Pyrite Nanomaterials for Solar Photovoltaics

by Eric Drexler on 2009/03/13

A pyrite crystal (detail from an image by Dave Barthelmy)
(a mineral crystal form)

A new paper in the journal Environmental Science & Technology assesses the requirements for scaling solar photovoltaic systems to the terawatt levels needed to supply electric power on a global scale. The authors identify iron pyrite, FeS2, as an attractive but unconventional alternative: The raw materials for pyrite aren’t scarce, and both the energy and monetary costs of production could be low.

In addition to having an outstanding Klm value, pyrite is a strongly light-absorbing semiconductor with a band gap in the right range for use in composite materials systems for photovoltaics. This provides ample reason to study and learn to control pyrite growth processes at the atomistic level.

Biological examples show that protein molecules can guide crystal growth by selectively binding to crystal surfaces and surface features, and pyrite can grow under conditions that are compatible not just with proteins, but with living organisms. Development of a good crystal-shaping molecular toolkit could provide a route to a useful class of atomically precise fabrication techniques, and pyrite is an attractive target.

Pyrite may be relatively new as a serious candidate for photovoltaic applications, but pyrite basking in sunlight is a very old phenomenon, older than Earth itself. Pyrite crystals were an ingredient of the solar nebula from which Earth formed.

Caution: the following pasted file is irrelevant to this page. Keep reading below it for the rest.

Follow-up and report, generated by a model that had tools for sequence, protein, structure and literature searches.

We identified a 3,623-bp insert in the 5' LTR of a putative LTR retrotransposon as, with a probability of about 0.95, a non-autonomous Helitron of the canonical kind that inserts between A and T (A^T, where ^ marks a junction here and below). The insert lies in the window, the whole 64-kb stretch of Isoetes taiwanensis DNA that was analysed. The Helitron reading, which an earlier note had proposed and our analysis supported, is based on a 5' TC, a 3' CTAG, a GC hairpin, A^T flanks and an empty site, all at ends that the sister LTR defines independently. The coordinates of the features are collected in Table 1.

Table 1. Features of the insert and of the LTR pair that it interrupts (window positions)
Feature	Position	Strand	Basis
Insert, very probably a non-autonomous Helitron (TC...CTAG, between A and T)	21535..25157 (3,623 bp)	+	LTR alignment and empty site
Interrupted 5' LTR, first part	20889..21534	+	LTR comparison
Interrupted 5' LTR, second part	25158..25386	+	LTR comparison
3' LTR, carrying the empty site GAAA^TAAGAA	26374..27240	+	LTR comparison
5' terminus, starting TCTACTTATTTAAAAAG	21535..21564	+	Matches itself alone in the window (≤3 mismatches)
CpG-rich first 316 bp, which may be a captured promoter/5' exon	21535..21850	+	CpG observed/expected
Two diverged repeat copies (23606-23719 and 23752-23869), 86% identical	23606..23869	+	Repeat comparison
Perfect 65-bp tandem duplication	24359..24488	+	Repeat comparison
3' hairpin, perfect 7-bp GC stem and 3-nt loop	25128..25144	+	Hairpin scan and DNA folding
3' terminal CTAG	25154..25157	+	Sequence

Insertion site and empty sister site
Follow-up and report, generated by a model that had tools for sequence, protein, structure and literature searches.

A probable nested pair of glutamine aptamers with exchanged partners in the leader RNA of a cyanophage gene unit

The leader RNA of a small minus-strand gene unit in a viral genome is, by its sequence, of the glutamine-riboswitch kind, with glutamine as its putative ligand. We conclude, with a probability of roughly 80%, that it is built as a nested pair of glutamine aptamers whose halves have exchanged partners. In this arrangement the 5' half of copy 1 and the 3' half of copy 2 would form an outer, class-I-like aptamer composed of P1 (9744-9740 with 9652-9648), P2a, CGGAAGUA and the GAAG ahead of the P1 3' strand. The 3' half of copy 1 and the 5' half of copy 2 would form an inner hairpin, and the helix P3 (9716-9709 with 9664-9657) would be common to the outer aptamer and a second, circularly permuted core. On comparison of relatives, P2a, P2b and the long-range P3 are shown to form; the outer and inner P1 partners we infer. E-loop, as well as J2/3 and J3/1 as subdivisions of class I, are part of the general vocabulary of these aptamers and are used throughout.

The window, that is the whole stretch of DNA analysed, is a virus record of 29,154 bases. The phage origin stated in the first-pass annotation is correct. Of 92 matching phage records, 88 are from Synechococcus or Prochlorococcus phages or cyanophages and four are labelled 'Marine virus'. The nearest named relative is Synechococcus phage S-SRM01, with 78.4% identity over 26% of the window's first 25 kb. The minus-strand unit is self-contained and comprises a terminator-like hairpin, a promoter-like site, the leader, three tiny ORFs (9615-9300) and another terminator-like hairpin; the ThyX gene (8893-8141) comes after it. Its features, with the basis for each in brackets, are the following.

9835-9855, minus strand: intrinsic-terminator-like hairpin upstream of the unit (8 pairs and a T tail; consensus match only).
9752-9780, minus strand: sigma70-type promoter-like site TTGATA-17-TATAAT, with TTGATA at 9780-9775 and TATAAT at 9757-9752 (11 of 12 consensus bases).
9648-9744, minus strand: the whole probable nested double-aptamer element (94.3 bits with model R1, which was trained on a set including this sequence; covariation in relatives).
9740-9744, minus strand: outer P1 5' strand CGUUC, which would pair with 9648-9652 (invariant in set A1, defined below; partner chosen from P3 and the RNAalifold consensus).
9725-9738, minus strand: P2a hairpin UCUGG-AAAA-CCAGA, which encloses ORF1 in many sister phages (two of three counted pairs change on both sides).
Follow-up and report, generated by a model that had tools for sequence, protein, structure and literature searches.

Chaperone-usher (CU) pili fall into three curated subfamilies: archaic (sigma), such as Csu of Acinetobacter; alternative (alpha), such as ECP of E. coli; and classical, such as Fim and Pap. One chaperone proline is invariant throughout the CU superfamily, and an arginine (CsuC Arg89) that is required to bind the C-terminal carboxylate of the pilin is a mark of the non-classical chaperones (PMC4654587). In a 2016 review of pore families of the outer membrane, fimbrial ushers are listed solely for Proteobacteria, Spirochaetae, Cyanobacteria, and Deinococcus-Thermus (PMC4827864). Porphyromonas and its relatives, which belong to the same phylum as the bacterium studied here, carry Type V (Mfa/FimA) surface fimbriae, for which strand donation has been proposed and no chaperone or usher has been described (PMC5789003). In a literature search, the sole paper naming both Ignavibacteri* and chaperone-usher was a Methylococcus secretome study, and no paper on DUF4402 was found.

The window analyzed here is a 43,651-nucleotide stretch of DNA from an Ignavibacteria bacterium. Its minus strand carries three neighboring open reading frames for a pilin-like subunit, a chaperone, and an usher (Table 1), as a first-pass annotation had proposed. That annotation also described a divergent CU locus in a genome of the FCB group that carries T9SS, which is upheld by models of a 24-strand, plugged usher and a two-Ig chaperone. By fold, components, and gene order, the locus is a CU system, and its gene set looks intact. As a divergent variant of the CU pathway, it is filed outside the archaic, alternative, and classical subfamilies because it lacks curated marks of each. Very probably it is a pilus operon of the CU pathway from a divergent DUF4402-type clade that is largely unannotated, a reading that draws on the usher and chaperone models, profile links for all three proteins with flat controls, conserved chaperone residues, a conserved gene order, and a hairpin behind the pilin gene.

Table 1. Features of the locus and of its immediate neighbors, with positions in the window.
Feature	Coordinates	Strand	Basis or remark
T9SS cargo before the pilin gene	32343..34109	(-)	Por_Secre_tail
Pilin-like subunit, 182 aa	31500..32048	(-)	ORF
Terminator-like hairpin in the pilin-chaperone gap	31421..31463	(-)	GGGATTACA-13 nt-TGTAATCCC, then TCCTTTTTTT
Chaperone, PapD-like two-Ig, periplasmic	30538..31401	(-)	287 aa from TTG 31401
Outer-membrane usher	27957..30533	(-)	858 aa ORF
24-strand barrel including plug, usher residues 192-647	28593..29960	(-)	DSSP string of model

{ 6 comments… read them below or add one }

Erin March 14, 2009 at 3:58 am UTC

Hmmmm, pyrite is interesting stuff. Would it make for good macroscopic structural parts, and also hard, tough, springy objects?
Jade is interesting, too, in that it has a fiber like structure.

William Carr March 16, 2009 at 10:43 pm UTC

Springy objects?

Pyrite crystals themselves are rigid and fragile. As well as smelly.

Although this is probably a thin-film technology, and the substrate will determine characteristics like that.

From what I’ve read, the new research must depend on adding Cobalt to the mix. Otherwise, the FeS2 is kinda wimpy in the actual amperage department.

Unfortunately, Cobalt isn’t as cheap as FeS2.

Erin March 16, 2009 at 11:49 pm UTC

I still think silicates are the best bridge material between wet and dry nanotechnology, and can be used in and of themselves for many of the desired aspects of molecular manufacturing. We already have the biomineralization systems in nature that we can recharacterize and reprogram for our own uses, and, we have a vast biotechnology base already.

jarimiah April 18, 2009 at 4:04 pm UTC

I live in a jade rich environment, my question to any one is, Can pyrite grow on jade? I found a piece of what I know of as jade and it seems to have pyrite squares coming off of it.

annie May 12, 2010 at 11:23 am UTC

Please send me a copy of thesis that would help me in my work regading nanomaterials.

Thanking You

M. Annie Freeda
Research Scholar

Tom Slaiter February 6, 2013 at 4:15 pm UTC

Great post, I agree with with William, they are rigid and frail.

Thanks for the info and eye opener :-)

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